Hurricane Diane was one of three hurricanes to hit North Carolina during the 1955 Atlantic hurricane season. Diane struck an area that had been hit by Hurricane Connie five days earlier. Diane was the costliest hurricane in United States history until it was surpassed by Hurricane Betsy in 1965, and was the sixth costliest U.S. hurricane of the 20th century
Here is a Connecticut street.
Here in McAdoo PA Hurricane Diane put the normally dry "Celebration Creek" riverbed well over its bounds and flooded out the business section of the town.
Here is actual 1955 news concerning it:
On a lighter note, this August 6th cover for the New Yorker feels very now as well. The picket fence, the biking, reading on a porch the old shingled house, this could be Cape Cod, though it as well could be parts of the Hamptons. I just thought it very free and easy and ‘in the moment’.
Love is a Many Splendored Thing opens today. Set in 1949-50 Hong Kong, it tells the story of a married, but separated, American reporter (played by William Holden), who falls in love with a Eurasian doctor originally from Mainland China (played by Jennifer Jones), only to encounter prejudice from her family and from Hong Kong society.
Here is the preview:
The movie was adapted by John Patrick from the 1952 novel A Many-Splendored Thing by Han Suyin.
I have been thinking how we modern Americans are very much like our modern economy. We sub things out. We do not produce much on our own but rely on the hard work of others, for a price of course. The decline in farming, for example, in our country is amazing. There is so much production that does not even happen in our own country. What I find really interesting is that basically it appears the unions priced their members right out of jobs. As the increased amounts of money needed to provide all that was demanded from the unions (which over time became, themselves, corrupt governing bodies) were one of the factors in their plants moving and leaving the states.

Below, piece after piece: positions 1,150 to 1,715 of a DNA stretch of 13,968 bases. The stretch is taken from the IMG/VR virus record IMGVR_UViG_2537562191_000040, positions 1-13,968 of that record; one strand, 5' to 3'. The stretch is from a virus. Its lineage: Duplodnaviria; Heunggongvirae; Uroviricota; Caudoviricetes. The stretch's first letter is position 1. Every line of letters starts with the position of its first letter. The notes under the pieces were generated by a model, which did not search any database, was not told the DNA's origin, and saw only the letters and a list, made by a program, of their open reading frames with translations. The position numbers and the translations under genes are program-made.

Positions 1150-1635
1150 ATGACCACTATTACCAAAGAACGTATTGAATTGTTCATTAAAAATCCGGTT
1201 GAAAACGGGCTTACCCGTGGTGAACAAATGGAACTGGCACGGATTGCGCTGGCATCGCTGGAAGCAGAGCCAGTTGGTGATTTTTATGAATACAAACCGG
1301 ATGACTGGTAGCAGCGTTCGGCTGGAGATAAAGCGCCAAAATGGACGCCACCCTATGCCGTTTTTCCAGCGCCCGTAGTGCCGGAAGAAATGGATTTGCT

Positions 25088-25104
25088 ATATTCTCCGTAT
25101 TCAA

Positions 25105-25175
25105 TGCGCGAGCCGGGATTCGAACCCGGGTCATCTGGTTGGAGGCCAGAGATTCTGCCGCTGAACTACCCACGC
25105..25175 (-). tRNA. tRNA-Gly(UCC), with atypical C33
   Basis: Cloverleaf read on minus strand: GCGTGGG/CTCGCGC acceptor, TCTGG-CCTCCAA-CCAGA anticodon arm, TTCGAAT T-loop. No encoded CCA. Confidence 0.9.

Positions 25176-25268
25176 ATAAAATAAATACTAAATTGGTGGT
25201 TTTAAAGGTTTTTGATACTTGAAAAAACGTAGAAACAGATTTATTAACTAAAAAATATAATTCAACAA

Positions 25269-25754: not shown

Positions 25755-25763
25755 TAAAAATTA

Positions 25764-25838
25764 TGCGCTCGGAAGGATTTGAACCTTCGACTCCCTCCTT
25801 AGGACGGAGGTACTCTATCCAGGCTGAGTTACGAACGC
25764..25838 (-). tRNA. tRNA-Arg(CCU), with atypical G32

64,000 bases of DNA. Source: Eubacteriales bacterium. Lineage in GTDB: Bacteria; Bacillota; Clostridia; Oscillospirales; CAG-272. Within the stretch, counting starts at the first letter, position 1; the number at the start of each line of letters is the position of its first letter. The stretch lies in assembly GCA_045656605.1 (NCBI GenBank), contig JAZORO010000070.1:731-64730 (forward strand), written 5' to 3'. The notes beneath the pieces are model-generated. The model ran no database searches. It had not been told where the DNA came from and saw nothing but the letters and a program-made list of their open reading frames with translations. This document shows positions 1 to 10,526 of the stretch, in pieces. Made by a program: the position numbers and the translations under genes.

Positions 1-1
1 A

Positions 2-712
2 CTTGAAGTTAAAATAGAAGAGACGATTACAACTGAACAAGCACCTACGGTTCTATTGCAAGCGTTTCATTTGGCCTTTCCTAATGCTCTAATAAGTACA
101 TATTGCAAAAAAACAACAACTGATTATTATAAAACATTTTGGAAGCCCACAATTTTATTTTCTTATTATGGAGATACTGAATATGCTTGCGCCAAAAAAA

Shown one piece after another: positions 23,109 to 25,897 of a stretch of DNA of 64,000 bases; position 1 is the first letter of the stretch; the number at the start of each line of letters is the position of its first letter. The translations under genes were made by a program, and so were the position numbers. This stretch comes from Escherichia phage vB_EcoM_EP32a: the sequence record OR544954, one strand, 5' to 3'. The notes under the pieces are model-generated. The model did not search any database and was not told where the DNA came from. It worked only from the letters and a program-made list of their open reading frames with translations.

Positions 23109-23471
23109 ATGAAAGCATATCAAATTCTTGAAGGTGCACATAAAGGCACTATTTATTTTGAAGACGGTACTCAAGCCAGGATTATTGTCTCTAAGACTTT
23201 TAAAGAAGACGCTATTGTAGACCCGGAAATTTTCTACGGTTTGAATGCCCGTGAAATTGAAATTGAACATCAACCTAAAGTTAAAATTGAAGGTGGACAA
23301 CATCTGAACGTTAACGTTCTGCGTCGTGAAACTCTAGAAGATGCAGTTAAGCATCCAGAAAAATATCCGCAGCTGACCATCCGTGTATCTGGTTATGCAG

For example, there are BMW plants in this country using American labor. They are NOT unionized, so the people are given a fair price for what they do and the jobs are there and it helps their community. Somewhere along the way the greed and want for money overshadowed the original intent of the union, which was a fair wage and good working conditions. Then, suddenly, people expected more and wanted more not realizing how this adds to the price of the car etc. I am not, in any way, forgiving our American auto industry, by any means, but the whole system, our system of greed and unaccountability is to blame. We look around and of course we say, “How did it happen, it wasn’t MY fault?!” Even the motor corps themselves seem to not be accountable, as they turn to our government for bailouts.
I am sure there was a time in 1955 when an auto worker made a wage decent for his family to live on. Cars were manufactured and he understood his part in the production. Maybe he even felt pride even if he did no more than assemble the latch that rolled down the window. He knew he was part of it, and his pride and accountability of place made it okay. Sure, the Jone’s may have had more, but their father was a doctor, so they could afford it. But, now we expect to have as much as the next guy without the work or reasons he may have more than we do. We somehow feel it is our RIGHT to just have more, so where does it come from?
I am not really sure where I am going with this, but I was just really mad and upset the other day when I really began to think about our country. My hubby is reading a book about Rome near it’s end and we have been discussing the parallels between their mistakes and our own current mistakes. They too came to a point where all things were made outside of their country and brought in. They reduced farming and at one point starved out cities due to that decision. The greed of self-fulfillment of what had once been the well managed early form of Democracy, the Republic, had slowly turned into crooked politicians who were the puppets of whomever had the money. It all sounded very familiar and it just made me angry.